Why we should clone a Neanderthal

Paul Raven @ 20-07-2010

Earlier in the year, there was some discussion over the possibility of cloning Neanderthals from archaeological remains. Now Kyle Munkittrick of Discover Magazine‘s Science Not Fiction blog speaks out in favour of the idea:

Knowing where Neanderthals fit, however, also creates a problem. What do we do if what makes humans “human” isn’t from a “human” at all? How do we justify “human rights” in light of evidence that our rational and moral minds are in no small part the result of prehistoric crossbreeding? In short: if human rights are based on being human, what rights would a cloned Neanderthal have?

The problem is, of course, that we don’t have a cloned Neanderthal. Which is why we need to make one.

[…]

To assert that the Neanderthal is between human and animal and is therefore an impossible fit for our world simply not true. The line between human and animal is blurred. Dolphins, whales, chimps, great apes, and other species are already changing the way we think about intelligence and rights; perhaps a Neanderthal, fully developed but so mentally different as to be incompatible with our way of living is the very example our society needs to change our perception of intelligent non-humans. When the technology is safe and the ability to nurture and care for her in place, we owe it to humanity as a whole to clone a Neanderthal and see what wonders she might teach us about ourselves.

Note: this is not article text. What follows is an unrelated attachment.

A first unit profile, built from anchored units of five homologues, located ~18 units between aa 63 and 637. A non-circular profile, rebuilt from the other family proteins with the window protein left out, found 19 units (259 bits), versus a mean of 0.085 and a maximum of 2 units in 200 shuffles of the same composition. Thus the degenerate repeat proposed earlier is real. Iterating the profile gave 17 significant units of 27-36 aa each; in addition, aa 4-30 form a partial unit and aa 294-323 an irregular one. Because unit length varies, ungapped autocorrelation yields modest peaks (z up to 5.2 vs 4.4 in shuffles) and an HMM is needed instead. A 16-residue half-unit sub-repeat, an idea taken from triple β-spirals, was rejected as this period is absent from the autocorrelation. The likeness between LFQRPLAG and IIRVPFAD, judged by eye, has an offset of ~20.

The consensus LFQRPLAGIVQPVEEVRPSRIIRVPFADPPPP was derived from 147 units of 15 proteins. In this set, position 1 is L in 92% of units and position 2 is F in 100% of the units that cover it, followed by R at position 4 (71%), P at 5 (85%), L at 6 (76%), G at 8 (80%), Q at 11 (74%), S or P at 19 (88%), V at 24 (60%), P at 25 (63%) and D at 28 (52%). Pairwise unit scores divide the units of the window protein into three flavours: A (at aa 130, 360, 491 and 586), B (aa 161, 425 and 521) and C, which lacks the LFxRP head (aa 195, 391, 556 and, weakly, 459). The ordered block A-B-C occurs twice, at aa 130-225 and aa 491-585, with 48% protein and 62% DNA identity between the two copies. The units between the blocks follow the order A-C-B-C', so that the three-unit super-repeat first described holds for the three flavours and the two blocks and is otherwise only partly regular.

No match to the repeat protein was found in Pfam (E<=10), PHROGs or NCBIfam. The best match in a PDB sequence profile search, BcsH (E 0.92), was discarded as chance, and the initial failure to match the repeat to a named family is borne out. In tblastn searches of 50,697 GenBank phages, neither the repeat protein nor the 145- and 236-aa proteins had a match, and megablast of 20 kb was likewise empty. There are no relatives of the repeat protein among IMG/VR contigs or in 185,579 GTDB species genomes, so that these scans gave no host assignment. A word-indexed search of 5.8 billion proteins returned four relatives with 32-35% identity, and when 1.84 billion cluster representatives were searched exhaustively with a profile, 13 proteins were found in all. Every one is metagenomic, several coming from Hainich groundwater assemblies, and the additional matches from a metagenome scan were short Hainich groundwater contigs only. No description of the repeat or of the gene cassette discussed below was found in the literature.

There’s no simple answer, of course. Much as a cloned Neanderthal might teach us a great deal about ourselves, responsibility for his or her happiness and well-being would have to come first: to do otherwise would be to derail the essentially humanist thrust of Munkittrick’s argument. Human or not, a Neanderthal would be a sapient being, and quite likely more than capable of understanding that they were created for the sake of science… a lab rat that knew it was a lab rat, in other words. It’s a fascinating intellectual exercise to imagine how it might work out, but to actually do it?

All I can say is that as much as I’d love to learn how much of what we call being human is a cultural artefact as opposed to a biological phenomenon, I don’t know that I’d be able to take responsibility for the decision to create a living creature that might never feel it was living a life that made sense.


Maybe Neanderthals could speak after all

Paul Raven @ 16-07-2008

skullsAnthropologists have long disagreed on the timing of the emergence of language in our hominid ancestors, and the results of recent research may reignite that debate. CT scans of a 530,000-year-old Homo heidelbergensis skull show that its ear canals are sensitive at 2kHz to 4kHz – the same crucial information-rich frequency range that we modern humans are attuned to – suggesting a much earlier emergence of language than commonly accepted. [via SlashDot] [image by Orin Optiglot; no, they’re not Neanderthal skulls]

Of course, like a great deal of anthropological speculation, it’s educated guesswork:

The results don’t necessarily show that the ancient humans could speak, Quam says. “We’re saying that the ear changed for some reason and that those changes facilitated the possibility of language development…”

Researchers have long tried to determine whether Neandertals could speak by reconstructing their vocal tracts, Quam says. But soft tissue makes up most of the voice box, so few traces remain in the fossil record. The ear is a better candidate because the bony structure reveals more about hearing capacity.

Couple this with the recent discovery that Neanderthals also had a gene which governs the development of language and is only found in modern humans, and we start to get a picture of our distant ancestors that differs considerably from the grunting caveman stereotype.